new_DPM_site_banner_revised
Play Live Radio
Next Up:
0:00
0:00
Available On Air Stations
Politics & Government

State Senate approves bills expanding scholarship programs, expengement opportunities

leg_hall_sign_2020.jpg
Joe Irizarry
/
Delaware Public Media

The State Senate passes legislation aimed at strengthening Delaware’s workforce and expanding higher education opportunities.

State senators approved Senate Bill 12 Tuesday.  It expands the Student Excellence Equals Degree or SEED scholarship program to provide financial assistance to hundreds of working class adults seeking skills training at Delaware Tech and the University of Delaware.

The bill’s sponsor, State Senator Nicole Poore (D-New Castle) details some of the things SEED+ will do.

"The bill will eliminate the provisions requiring students to enroll in college immediately after high school in order to receive the SEED Scholarship," said Poore. "This legislation expands scholarship eligibility to include individuals previously convicted of non-violent felonies and solely drug-related violent felonies."

The Senate also passed Senate Bill 95 which expands the Inspire Scholarship to help hundreds of in-state high school graduates attend Delaware State University and enter the workforce debt free.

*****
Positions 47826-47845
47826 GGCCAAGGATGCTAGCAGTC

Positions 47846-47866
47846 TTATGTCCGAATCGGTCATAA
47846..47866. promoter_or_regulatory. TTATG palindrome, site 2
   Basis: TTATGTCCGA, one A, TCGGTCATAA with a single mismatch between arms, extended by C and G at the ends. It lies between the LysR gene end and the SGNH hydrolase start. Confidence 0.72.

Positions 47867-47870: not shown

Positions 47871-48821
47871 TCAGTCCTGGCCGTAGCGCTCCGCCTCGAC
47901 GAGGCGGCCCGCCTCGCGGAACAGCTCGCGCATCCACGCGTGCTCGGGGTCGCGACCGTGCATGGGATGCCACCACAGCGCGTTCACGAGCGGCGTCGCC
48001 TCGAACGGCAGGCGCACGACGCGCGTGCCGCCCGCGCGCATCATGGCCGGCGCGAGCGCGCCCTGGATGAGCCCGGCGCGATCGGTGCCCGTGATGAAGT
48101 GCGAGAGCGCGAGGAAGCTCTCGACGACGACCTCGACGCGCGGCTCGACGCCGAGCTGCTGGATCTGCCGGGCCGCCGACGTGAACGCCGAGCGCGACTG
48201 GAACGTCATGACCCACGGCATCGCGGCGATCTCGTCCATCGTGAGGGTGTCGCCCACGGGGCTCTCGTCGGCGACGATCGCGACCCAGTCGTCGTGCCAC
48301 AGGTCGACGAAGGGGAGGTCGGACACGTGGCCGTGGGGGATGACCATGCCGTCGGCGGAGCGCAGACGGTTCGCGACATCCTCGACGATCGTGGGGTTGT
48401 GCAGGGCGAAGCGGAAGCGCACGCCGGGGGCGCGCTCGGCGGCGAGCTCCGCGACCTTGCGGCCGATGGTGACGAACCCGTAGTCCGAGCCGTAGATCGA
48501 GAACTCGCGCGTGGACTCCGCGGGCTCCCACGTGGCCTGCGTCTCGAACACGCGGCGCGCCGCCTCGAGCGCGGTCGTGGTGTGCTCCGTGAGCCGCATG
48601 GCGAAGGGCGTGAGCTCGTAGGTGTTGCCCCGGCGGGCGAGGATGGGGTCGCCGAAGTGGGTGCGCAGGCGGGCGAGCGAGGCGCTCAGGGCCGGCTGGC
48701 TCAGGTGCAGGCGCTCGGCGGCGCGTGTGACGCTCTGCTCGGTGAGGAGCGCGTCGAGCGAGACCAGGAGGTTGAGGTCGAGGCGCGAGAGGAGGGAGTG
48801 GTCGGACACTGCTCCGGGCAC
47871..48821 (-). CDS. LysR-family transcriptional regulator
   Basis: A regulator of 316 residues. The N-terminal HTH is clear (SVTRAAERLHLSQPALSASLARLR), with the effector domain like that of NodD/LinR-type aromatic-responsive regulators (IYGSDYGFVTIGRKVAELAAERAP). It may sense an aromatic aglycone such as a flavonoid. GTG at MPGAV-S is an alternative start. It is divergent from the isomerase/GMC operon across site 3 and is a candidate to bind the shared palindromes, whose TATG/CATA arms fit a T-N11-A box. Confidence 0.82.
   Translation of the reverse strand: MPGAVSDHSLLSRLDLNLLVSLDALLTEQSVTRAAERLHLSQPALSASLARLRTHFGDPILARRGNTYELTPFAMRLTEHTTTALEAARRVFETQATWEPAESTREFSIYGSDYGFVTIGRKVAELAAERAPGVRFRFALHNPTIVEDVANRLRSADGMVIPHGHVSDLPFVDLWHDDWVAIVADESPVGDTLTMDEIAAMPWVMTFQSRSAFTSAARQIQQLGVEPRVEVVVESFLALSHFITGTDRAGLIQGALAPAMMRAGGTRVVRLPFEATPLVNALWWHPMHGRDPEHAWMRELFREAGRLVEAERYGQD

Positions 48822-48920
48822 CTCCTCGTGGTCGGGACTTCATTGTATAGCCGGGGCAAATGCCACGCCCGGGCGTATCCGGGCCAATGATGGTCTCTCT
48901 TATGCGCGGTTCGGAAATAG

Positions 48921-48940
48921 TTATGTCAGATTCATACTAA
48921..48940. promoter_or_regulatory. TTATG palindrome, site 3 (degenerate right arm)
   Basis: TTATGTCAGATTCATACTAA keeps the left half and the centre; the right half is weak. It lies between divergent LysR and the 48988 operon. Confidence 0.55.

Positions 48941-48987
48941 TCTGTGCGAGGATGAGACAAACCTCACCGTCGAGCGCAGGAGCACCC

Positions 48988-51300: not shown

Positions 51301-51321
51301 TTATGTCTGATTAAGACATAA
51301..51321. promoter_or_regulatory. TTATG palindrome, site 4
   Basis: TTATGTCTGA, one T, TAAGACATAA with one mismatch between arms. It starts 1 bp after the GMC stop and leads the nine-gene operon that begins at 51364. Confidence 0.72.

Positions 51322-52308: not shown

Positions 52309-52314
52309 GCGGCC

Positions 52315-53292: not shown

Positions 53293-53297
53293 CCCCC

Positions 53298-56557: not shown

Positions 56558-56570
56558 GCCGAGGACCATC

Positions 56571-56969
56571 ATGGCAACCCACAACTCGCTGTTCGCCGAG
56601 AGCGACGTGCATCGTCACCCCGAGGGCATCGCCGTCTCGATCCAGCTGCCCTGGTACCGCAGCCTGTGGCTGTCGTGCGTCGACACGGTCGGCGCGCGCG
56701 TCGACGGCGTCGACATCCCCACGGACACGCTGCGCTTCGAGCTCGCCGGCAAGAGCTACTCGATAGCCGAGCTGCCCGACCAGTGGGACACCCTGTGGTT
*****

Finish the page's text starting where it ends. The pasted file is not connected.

State Senator Trey Paradee (D-Dover) is that bill’s sponsor.

“What this bill changes is it does allow the full amount of the Delaware State University tuition - which is $7,038 a year - to be covered by the scholarship award in full," said Paradee.

Meanwhile, the State Senate also passed legislation to increase expungement eligibility.

Senate Bill 112 expands eligibility to the adult and juvenile expungement process for Delawareans convicted of low-level charges by making their opportunity for a second chance mandatory under state law.

It also expands the eligibility of mandatory expungements filed with the State Bureau of Investigations for certain convictions, regardless of someone’s prior or subsequent criminal record.

The bill’s sponsor State Senator Darius Brown (D-Wilmington) explains the type of offenses included.

"Offenses of possession of marijuana and drug paraphernalia," said Brown. "I do want to emphasize that the time frame is not going to be reduced for when you qualify to be eligible for expungement, but it just allows these offenses to be expanded in the negatory."

Currently, a person can obtain an expungement for those convictions only if they have no other criminal record.

The low-level felony convictions like drug possession convictions would be eligible after 5 years and specific non-violent felonies would be eligible after 10 years if a person has no prior or subsequent convictions.

All three bills now go to the House.

Related Content